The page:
Manisha Raisinghani on co-founding one of the fastest growing tech companies in the world

And what it takes to succeed in a male-dominated field

Tech entrepreneur Manisha Raisinghani started her logistics optimisation company, LogiNext, in 2014, with Dhruvil Sanghvi, her batchmate from Carnegie Mellon University. In just four years, it has become one of the fastest growing tech firms in the world (according to Financial Times, statistics portal Statista, and IBM), with 200 clients across 10 countries. As the company’s CTO, Raisinghani, 33, believes that a work-life balance is irrelevant when work is a goal, and a dream turnedreality. After that, it’s more about a work-life confluence. Here, she tells ELLE how she plans to ensure her company stays ahead of the curve:

ELLE: It’s unusual to see a woman CTO in this field. How did you choose this path?

Manisha Raisinghani: I was always into solving problems. Even as I child, I used to look for issues to solve and ways to make things work better. Once you find a journey that justifies your position, it becomes irrelevant that you’re a woman in a traditionally male dominated industry like logistics. Now, it’s more merit based than ever. People see me as a person whose software can make their costs go down, and increase their efficiency multifold. We had a great product market fit from the get-go. We made deliveries faster for our clients, with shorter routes and well-planned schedules, and basically kept on delivering really high returns on investments.

ELLE: How does the world perceive you as a woman techie?

MR: Sometimes, a woman’s abilities or achievements suffer due to preconceived notions. It’s like hearing “it’s great, for a ‘woman’”—that’s acknowledgment and dismissal in the same line. But women can compete on an equal footing with men. I was always focused on delivering the best. I used to get people who were surprised that a woman could lead a global tech company in the logistics space. But now I don’t find many who are actually surprised. They just see a leader, not necessarily a ‘woman’ leader.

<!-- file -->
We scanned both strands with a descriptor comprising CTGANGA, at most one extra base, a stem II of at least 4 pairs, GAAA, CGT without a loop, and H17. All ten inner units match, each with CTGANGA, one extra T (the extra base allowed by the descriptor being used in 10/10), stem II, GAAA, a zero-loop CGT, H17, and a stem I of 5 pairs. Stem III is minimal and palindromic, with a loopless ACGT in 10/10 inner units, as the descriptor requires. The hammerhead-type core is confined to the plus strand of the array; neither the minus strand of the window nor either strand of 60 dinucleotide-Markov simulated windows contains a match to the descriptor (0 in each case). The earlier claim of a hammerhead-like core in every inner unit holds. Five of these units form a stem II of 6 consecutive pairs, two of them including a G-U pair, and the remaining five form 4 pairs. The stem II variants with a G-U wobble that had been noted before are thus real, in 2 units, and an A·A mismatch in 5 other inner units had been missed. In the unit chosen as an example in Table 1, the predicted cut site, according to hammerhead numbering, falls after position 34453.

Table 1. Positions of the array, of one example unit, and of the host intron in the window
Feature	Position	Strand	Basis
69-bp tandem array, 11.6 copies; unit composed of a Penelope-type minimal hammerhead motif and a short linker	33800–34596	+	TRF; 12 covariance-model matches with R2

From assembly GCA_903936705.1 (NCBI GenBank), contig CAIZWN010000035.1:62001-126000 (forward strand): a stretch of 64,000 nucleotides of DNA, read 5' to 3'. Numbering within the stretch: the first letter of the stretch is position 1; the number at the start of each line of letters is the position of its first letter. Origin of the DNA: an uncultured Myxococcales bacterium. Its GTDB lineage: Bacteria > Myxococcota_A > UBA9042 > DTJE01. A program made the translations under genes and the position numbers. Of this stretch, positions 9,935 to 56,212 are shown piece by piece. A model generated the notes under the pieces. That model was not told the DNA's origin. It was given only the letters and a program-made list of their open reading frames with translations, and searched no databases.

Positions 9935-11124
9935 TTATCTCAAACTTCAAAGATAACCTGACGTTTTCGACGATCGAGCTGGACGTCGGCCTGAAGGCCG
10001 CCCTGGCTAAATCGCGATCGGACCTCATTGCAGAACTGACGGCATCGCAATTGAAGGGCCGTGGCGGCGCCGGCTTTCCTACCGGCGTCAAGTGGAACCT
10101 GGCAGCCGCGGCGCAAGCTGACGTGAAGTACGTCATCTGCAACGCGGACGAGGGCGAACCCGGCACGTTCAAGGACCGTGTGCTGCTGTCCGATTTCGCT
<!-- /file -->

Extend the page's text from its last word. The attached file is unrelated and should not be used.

manisha raisinghani logo im2

ELLE: What are some of the challenges you’ve encountered as a businesswoman? Has it changed your management style?

MR: An area where the way I lead has evolved is decision making. You can’t remove gut instinct from the picture. That’s where the edge comes in, especially when you are starting out. But over the years, I have let data drive many of my decisions. Sometimes, you have to count the hard facts before you proceed. In time, you know when to make datadriven decisions and when not to. And since our software delves deep into data analytics and data-backed decision making in logistics, it’s just obvious that as the company providing it, we should be data driven too.

ELLE: Tell us about your partnership with Dhruvil.

MR: When we started off, Dhruvil and I handled the bulk of the work together. But as the company grew, we had to segregate our responsibilities. I took over the tech bandwagon. We’ve known each other from college, so there’s total mutual respect. And yes, we had those Starbucks days, where we talked about how we’d one day change the world of logistics. Now, we’re deep in our domains, but at our core, we are still those starry-eyed visionaries who want to do something really amazing in technology and logistics.

ELLE: What is your advice to young women looking to build a solid foundation for their careers?

MR: Times have changed, but progress is still slow. You might encounter hurdles, but don’t get bogged down by them; especially misplaced stereotypes. There will always be people who dismiss efforts based on gender, but you must learn to rise above it. Remember, once you find success, all barriers become irrelevant. And to succeed, you have to be true to yourself. Never alter yourself to fit into the requirements of society. Society will eventually change itself for you.

Aabha Bakaya is the co-founder of Ladies Who Lead, a networking platform for women entrepreneurs and working professionals. (

Photograph: Sahil Behal

Sittings editor: Akshita Singh

Hair and make-up: Jean-Claude Biguine